On Playing Deep Rock Galactic Solo

“For Rock and Stone!”

Your voice echoes along the empty caverns. 

There’s no one there for miles. Maybe even the whole planet. Even the space station you came from didn’t have anyone on it except robots. You know it. Your robot companion knows it. Even the Mining Utility Lift Engine knows it. But The M.U.L.E. won’t abandon you. Its programming won’t allow it. So, like a good miner you keep digging. In your head you sing the Steep Canyon Ranger’s “Call the Captain” and think how awesome it would be if you could get a band together. But alas, the only other living organisms are plants that can’t sing and giant cave spiders that couldn’t harmonize to save their lives. Speaking of which, a hoard of them is coming in. So, you get your mini-gun spinning and check to see that your double-barrel has shells. You take care of them and imagine what it would be like to be picked up from another miner instead of the robot assistant you were assigned. That’d be so cool. It’d be like a cheesy 80’s movie with the overly dramatic hand gripping and a witty comment about watching someone’s back. Then you would mine together collecting that sweet, sweet mineral. You’d joke on the ride home and laugh at how they almost fell off a ledge until you saved them. That’d be so cool.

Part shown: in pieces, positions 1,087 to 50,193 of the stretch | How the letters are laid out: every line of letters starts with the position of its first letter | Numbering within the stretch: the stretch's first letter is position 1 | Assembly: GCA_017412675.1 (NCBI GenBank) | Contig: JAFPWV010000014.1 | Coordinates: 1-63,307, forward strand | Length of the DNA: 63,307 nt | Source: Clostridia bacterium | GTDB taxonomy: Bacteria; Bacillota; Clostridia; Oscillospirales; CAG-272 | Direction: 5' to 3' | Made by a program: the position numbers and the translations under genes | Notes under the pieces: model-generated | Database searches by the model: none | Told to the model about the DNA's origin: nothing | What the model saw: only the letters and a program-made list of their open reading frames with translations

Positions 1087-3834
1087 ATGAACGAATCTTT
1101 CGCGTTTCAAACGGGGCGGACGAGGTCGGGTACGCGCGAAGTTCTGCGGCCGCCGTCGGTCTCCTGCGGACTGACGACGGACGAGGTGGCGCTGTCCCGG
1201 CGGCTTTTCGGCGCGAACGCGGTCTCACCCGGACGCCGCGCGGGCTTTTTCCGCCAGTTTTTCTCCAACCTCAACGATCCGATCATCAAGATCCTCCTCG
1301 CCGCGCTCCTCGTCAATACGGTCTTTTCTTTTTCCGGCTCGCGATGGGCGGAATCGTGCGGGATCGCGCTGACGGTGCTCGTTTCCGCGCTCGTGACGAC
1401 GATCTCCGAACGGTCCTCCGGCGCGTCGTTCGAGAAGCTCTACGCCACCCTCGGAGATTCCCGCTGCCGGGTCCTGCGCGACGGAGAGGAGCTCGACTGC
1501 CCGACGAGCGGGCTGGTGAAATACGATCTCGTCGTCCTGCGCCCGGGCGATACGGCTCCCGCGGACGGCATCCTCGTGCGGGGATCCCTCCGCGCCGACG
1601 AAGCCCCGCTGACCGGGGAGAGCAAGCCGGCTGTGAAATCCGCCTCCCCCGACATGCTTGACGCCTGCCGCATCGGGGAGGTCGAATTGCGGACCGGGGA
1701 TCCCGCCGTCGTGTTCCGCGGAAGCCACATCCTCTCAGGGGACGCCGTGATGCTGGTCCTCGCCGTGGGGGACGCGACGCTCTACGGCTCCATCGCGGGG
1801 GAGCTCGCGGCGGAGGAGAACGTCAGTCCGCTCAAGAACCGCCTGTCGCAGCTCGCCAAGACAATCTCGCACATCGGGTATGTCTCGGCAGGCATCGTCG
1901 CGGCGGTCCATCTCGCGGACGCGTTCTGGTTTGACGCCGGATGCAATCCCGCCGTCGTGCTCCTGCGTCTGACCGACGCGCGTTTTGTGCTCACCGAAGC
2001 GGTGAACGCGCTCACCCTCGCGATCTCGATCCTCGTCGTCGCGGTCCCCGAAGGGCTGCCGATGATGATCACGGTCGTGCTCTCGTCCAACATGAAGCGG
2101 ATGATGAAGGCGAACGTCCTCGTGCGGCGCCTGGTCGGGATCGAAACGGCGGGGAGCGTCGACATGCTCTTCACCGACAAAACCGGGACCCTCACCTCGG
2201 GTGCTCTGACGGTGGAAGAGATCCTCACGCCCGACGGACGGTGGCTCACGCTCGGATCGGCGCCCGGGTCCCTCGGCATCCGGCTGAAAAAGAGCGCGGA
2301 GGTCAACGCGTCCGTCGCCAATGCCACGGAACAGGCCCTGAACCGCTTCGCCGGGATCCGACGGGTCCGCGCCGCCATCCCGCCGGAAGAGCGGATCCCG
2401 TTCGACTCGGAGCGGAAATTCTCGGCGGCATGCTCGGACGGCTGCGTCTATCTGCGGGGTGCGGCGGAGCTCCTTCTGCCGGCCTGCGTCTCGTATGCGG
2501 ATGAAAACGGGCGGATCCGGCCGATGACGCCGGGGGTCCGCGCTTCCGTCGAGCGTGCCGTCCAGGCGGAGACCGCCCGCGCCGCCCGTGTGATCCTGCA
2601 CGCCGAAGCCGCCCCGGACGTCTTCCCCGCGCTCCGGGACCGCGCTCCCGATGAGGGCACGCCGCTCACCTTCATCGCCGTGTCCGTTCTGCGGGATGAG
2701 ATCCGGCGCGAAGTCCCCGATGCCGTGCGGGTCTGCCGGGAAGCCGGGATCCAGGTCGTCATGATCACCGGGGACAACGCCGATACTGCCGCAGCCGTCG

But, again, it’s back to mining. You make a comment to yourself about mining because that’s all you know. You get the resources, call The M.U.L.E., deposit the precious metals, kill some spiders, get more resources, and finally ascend back to the surface. You get a drink and talk to the robot bartender. It does nothing but stare back at you and makes some beeping noises. Well, you didn’t want to talk anyway. You play a few games of barrel incineration, slap a few inflatable palm trees, tweak some of your equipment, and then go to bed. The first and last thing you see is a grey metal ceiling. No excitement. No fun.

You wake up, get a mission, and repeat the day over and over and over. It gets drab. Boring even. But you need the money for more gear to make more money to buy more gear. Months go by this way.  It becomes a blur. You’re given medals and hailed as the greatest miner that this company has ever seen. Even the medals were just mailed to you. 

And then one day, someone else is in the station with you. Hurray! A fellow miner! Miner strong together. You and a buddy load into the launch pod and shoot down to the planet’s caverns. 

“For Rock and Stone!” 

For once there are two voices in the cave, and one of them isn’t even your echo!

Daniel Wartham is a current grad student and spends his free time watching movies and taking walks to Waffle House at 2am. He can be found on Twitter at @DanielWartham.

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